Very strange things

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Posted by daveklepper on Thursday, June 27, 2019 7:27 AM

The PA's were used in freight service, but both the DL-109s and PAs saw freight service only between Ceder Hill ancd Boston on the Shore Line, not to Maybrooik over the Poughkeepsie Bridge, except on rare occasions.

Somehow, on the New Haven, the PAs seemed more reliable than elsewhere and were the 1st line Shore Line passenger power east of New Haven until the FL-9s arrived.  Two units regularly handled the Merchant Boston Switch and Route 128 at a continuous 100mph except for excelleration and braking.  But that was the only stretch where such speed was permitted in my recollection.  And the I-5s had done as well, but straight through to, Readville since the 128 station came later.

Here is a view from that cheap-rent large-window apartment.  The 6th is on the left, the 9th on the right.  What looks like another el line in the background is a glass-walled bridge between two buildings of the same owner.

 

 

 

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Posted by Flintlock76 on Thursday, June 27, 2019 9:48 AM

David, if what I've read is correct the New Haven got good service from all their ALCO diesels of whatever model.  It's been said that since the New Haven was an all-ALCO 'road they understood the ALCO product line better than the other 'roads and knew how to maintain them properly. 

At least that's what I've read.  Certainly I wasn't there at the time!

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Posted by MidlandMike on Thursday, June 27, 2019 10:56 PM

daveklepper
The PA's were used in freight service, but both the DL-109s and PAs saw freight service only between Ceder Hill ancd Boston on the Shore Line, not to Maybrooik over the Poughkeepsie Bridge, except on rare occasions.

For those who might not know, the Maybrook line had a significant grade over the Taconic Mts. in eastern NY.  Alco FA's and RS's were used on that line (after the NH's 2-10-2 's)

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Posted by Miningman on Saturday, July 6, 2019 12:51 PM

1) Ok what's with artists depicting fire with steam locomotives? Here we have the 20th Century plowing through a forest fire. Didn't that happen at least once a week? 

2) Ok I don't think this one is photoshopped. Do not see any flower power and peace stickers. Trying to make up for my earlier 'being duped'

3) When a steam locomotive turns bad.

 

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Posted by SD70Dude on Saturday, July 6, 2019 1:02 PM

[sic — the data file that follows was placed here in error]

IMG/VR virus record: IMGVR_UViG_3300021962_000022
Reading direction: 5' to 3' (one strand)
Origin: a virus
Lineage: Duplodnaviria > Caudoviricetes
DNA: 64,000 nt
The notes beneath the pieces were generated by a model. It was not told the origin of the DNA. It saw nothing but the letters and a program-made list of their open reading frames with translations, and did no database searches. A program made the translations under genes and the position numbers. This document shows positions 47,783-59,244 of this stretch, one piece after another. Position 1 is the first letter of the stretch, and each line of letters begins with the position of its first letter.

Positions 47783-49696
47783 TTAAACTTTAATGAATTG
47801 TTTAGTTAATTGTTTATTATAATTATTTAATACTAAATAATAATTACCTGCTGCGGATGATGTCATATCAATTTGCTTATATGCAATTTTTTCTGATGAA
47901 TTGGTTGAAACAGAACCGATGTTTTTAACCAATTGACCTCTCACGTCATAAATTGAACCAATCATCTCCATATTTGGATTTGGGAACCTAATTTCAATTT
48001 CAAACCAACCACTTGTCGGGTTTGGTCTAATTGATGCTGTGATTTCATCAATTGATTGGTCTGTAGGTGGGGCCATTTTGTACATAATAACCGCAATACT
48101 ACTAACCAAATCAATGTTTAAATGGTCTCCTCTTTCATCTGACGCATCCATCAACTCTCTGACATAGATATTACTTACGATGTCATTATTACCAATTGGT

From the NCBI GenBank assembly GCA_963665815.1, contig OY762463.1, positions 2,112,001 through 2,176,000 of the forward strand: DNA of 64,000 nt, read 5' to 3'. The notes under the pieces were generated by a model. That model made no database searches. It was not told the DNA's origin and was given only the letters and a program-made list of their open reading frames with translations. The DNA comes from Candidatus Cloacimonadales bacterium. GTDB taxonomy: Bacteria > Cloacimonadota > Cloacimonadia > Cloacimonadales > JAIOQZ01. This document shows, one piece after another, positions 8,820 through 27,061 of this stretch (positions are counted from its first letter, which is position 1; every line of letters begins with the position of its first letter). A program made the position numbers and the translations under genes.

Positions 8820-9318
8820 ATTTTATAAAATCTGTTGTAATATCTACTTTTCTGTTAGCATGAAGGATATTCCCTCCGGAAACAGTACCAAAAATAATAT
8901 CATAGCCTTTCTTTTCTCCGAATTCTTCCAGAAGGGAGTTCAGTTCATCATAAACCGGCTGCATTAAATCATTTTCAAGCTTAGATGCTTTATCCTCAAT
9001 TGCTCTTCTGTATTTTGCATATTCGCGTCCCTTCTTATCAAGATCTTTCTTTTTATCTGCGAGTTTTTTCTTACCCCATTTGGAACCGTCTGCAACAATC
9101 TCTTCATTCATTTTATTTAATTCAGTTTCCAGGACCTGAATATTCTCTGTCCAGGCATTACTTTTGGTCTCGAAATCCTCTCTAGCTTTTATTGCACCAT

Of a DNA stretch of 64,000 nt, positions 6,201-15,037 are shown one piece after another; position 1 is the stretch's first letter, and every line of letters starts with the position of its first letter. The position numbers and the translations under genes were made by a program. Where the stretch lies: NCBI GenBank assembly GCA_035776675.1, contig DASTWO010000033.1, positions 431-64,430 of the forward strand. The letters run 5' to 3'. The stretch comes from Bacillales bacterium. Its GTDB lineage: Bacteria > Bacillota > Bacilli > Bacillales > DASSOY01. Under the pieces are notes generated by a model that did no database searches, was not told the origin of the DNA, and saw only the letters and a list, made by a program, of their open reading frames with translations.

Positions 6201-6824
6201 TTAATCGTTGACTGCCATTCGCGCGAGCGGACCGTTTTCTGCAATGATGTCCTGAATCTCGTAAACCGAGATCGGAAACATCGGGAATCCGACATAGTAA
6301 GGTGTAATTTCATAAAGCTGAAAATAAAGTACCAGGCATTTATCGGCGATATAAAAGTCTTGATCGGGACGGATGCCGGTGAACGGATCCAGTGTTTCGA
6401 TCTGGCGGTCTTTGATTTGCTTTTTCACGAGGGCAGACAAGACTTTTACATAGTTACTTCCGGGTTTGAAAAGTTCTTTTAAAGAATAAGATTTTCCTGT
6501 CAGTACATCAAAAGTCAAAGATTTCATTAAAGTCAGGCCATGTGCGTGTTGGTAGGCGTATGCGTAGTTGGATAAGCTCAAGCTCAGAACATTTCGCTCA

It was quite common for coal-burners to start trackside fires with cinders ejected from the stack.  There is even a specific whistle signal to warn the track forces of fire on or near the track (ooo ooo).

But after the first few fires there wouldn't have been much forest left to burn, so the rest would probably have been grass fires. 

That van looks like the ultimate 60s high-rail...

And if you think that armoured gun is bad, check this out:

https://upload.wikimedia.org/wikipedia/commons/5/5e/Hitler-gustav-railway-gun.jpg

Speer is at the far right of the photo, with Hitler to his left.

Greetings from Alberta

-an Articulate Malcontent

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Posted by Miningman on Saturday, July 6, 2019 1:40 PM

Yeah but the Gustov was not a steam locomotive.

Monument to insanity, they blew it up destroying it one day before capture. Fine, happy ending. 

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Posted by Flintlock76 on Saturday, July 6, 2019 2:32 PM

Interesting stuff.

That "Dreyfuss through the flaming forest."  OK, I can understand artistic license for a dramatic effect, but that's a bit over the top!  Cool other wise though.

That VW Mini-bus on rails?  I guess it's legit.  There's no rails into Woodstock (I think) and anyway there's no "wacky-tabaccy" smoke coming out the windows.  Cheech Marin and Tommy Chong don't seem to be in the area either.

Picture three. Fictional I suppose.  Reminds me of the fact that of all man's inventions the steam locomotive is one of the very few that's never allowed itself to be sucessfully perverted into a weapon.  Haul weapons yes, be one, no.

That German mega-cannon.  There were TWO of them, "Gustav" and "Dora."  They had 31.5 inch bores and fired a 4.75 ton shell 23 miles.  It took several trains to move the things and a battalion of troops nearly three weeks to assemble them when they got to their destinations.  "Gustav" was used in the siege of Sebastopol, "Dora" went to the Leningrad front but arrived too late to be used, so was withdrawn.  Both were scrapped, but some components were found at the end of the war.  Too much gun.

Anyway, WW2 was the end of the trail for railroad guns.  There was nothing they could do that couldn't be done by tactical air, and with greater versatility too. 

NDG
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Posted by NDG on Saturday, July 6, 2019 5:11 PM
Wonderful.
 

Thank You.

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Posted by Jones1945 on Sunday, July 7, 2019 2:30 AM

Miningman

2) Ok I don't think this one is photoshopped. Do not see any flower power and peace stickers. Trying to make up for my earlier 'being duped'

I love the idea of this post. This is a Volkswagen Rail Bus inspection car (of LIRR?).

Big and fast enough to be used as a commuter for smaller towns...